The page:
From State Sen. J.B. Jennings:
Last week the issue front and center for the legislature was the overriding of Governor Hogan’s vetoes.
Last session, the legislature passed 692 pieces of legislation. Governor Hogan carefully reviewed all of the legislation and vetoed 197 bills. 191 of these bills were procedural overrides due to the bills being duplicated in both the Senate and House Chambers. The remaining 6 vetoes were based off of policy that the Governor did not support.
If the Governor vetoes a bill presented after the session, the veto message must be considered immediately at the next regular or special session of the legislature. A three-fifths vote of the elected membership of both chambers is necessary to override a veto.
I, along with several of my Senate colleagues, fought to override the vetoes. The Democrats have overridden several of these vetoes, which now makes them law.
The bills overridden are as follows:
– Decriminalize paraphernalia used to smoke marijuana, and also decriminalize marijuana smoking in public. When possession of less than 10 grams of marijuana was decriminalized in 2014, possession of marijuana paraphernalia remained a misdemeanor. In my opinion, the legal inconsistency should have been corrected. It is a crime to drink alcohol in public or while driving, therefore I believe it should also be a crime to smoke marijuana in public or while driving and should be specifically spelled out in the law. Those who opposed the veto pointed out that smoking marijuana in public or while driving is already against the law and a separate provision in the law is not necessary. Although, I voted to uphold the veto, it was overridden.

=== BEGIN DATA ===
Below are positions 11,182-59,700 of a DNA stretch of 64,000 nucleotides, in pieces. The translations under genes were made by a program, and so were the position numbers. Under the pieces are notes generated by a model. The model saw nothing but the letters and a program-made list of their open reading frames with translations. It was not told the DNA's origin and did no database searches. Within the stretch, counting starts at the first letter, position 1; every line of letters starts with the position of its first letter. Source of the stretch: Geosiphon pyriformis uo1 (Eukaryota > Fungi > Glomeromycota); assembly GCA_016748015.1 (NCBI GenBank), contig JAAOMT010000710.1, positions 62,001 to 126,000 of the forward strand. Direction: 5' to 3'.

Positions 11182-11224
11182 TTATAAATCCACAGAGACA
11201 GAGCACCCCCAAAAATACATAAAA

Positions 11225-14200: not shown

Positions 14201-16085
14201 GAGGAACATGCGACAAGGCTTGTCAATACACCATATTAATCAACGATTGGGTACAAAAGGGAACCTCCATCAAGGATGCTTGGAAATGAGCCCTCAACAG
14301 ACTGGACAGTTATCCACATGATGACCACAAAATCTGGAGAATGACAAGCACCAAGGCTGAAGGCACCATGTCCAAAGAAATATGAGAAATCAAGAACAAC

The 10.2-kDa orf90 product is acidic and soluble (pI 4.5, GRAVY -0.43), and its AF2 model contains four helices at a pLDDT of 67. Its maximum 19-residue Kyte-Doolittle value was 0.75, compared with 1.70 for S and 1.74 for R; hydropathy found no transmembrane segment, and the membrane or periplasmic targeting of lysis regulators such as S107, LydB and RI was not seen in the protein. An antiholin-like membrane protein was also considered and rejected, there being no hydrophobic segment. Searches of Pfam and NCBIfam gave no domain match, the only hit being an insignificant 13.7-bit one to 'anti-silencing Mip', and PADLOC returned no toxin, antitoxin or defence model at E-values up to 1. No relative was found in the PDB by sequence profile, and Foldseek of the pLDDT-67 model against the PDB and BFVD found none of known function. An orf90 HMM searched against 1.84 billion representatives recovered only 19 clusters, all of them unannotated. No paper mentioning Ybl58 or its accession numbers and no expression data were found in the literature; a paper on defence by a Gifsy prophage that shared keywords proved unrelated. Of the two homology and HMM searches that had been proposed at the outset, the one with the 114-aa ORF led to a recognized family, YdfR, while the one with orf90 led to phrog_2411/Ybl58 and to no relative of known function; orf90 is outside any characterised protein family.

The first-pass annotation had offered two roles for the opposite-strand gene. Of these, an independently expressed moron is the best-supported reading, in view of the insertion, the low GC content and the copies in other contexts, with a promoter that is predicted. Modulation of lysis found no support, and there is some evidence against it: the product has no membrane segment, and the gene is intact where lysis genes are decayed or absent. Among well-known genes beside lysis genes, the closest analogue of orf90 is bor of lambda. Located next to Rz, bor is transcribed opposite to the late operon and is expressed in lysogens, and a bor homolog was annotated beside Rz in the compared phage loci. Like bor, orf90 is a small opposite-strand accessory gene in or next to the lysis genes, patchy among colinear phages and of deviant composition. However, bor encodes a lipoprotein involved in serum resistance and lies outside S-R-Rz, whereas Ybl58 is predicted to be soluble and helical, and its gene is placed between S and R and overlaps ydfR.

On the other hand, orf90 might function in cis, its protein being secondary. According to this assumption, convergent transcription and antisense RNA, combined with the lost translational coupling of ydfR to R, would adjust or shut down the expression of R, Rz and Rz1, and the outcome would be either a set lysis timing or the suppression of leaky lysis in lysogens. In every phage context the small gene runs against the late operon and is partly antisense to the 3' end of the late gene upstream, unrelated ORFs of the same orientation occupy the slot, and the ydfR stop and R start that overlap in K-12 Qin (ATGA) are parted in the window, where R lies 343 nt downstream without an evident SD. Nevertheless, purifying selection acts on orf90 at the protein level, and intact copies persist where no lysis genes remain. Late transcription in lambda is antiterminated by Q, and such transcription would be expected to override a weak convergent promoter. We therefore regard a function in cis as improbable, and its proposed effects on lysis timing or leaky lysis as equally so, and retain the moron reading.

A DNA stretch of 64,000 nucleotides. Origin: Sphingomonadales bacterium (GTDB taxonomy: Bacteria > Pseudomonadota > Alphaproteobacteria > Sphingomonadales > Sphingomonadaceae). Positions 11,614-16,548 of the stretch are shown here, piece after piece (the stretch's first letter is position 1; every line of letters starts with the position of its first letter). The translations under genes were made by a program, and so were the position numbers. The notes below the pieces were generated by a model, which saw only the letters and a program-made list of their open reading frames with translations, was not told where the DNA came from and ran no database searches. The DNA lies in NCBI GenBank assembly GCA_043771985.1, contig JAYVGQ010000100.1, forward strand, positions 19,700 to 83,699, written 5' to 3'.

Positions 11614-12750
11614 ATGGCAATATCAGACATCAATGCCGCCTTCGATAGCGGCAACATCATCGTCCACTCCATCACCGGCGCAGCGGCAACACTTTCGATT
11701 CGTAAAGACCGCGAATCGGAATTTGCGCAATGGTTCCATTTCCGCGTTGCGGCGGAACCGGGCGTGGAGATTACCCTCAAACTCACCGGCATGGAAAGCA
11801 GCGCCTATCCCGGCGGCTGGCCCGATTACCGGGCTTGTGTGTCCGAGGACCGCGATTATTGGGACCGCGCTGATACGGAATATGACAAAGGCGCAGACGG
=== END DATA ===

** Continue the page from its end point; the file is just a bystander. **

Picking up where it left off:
– A new tax on online booking services on companies such as; Travelocity, Expedia and Orbitz. Currently, all hotels pay Maryland state sales tax. Currently, Governor Hogan vetoed this bill because it changed the current law of customers paying sales tax on the price they paid for the room. I was in agreement with Governor Hogan. Additionally, another vetoed bill dealt with hotel taxes in Howard County. Both of the Governor’s vetoes were overridden.
– Restrict police from seizing criminal assets of cash or items worth up to $300 when making drug crime arrests of street level dealers. Suppliers give these low-level dealers only small amounts of drugs costing from $10 to $100 to sell. When they sell those small amounts they take the money back to the supplier and are given another small amount to sell. They rarely have more than $300 on them at any given time. The vetoed bill allowed seizure without charges or a conviction being brought against the suspect. The bill also restricts Maryland police from acting on information received from other state or federal law enforcement agencies to intercept drug money. I voted to uphold the Governor’s veto, although it was overridden. Already, new legislation has been introduced to prohibit seizure of assets unless the suspected criminal is convicted.
– Appropriate $2 million for the Maryland Hall for the Creative Arts in Annapolis. The original request from the Creative Arts was for $500,000. The legislature mysteriously added an additional $1.5 million that was not originally requested in the last days of session. I believe that giving the full $2 million for the Maryland Hall for the Creative Arts in Annapolis would not allow funds to be distributed to other projects around the State. This veto was overridden.
– On February 5th, the ex-felon veto will be on the Senate floor for a vote. The veto would allow 40,000 ex-felons to vote before their parole, probation or house arrest expires. State law already allows ex-felons to vote, but not until their parole, probation or house arrest expires. Two bills were approved to let ex-felons vote early. Hogan vetoed both. It should be noted that 40% of inmates released from prison will re-offend or otherwise return to prison. I will vote to uphold the Governor’s veto.
Please do not hesitate to contact me about these or any other issues of concern to you. Your input is important to me. I encourage and welcome it.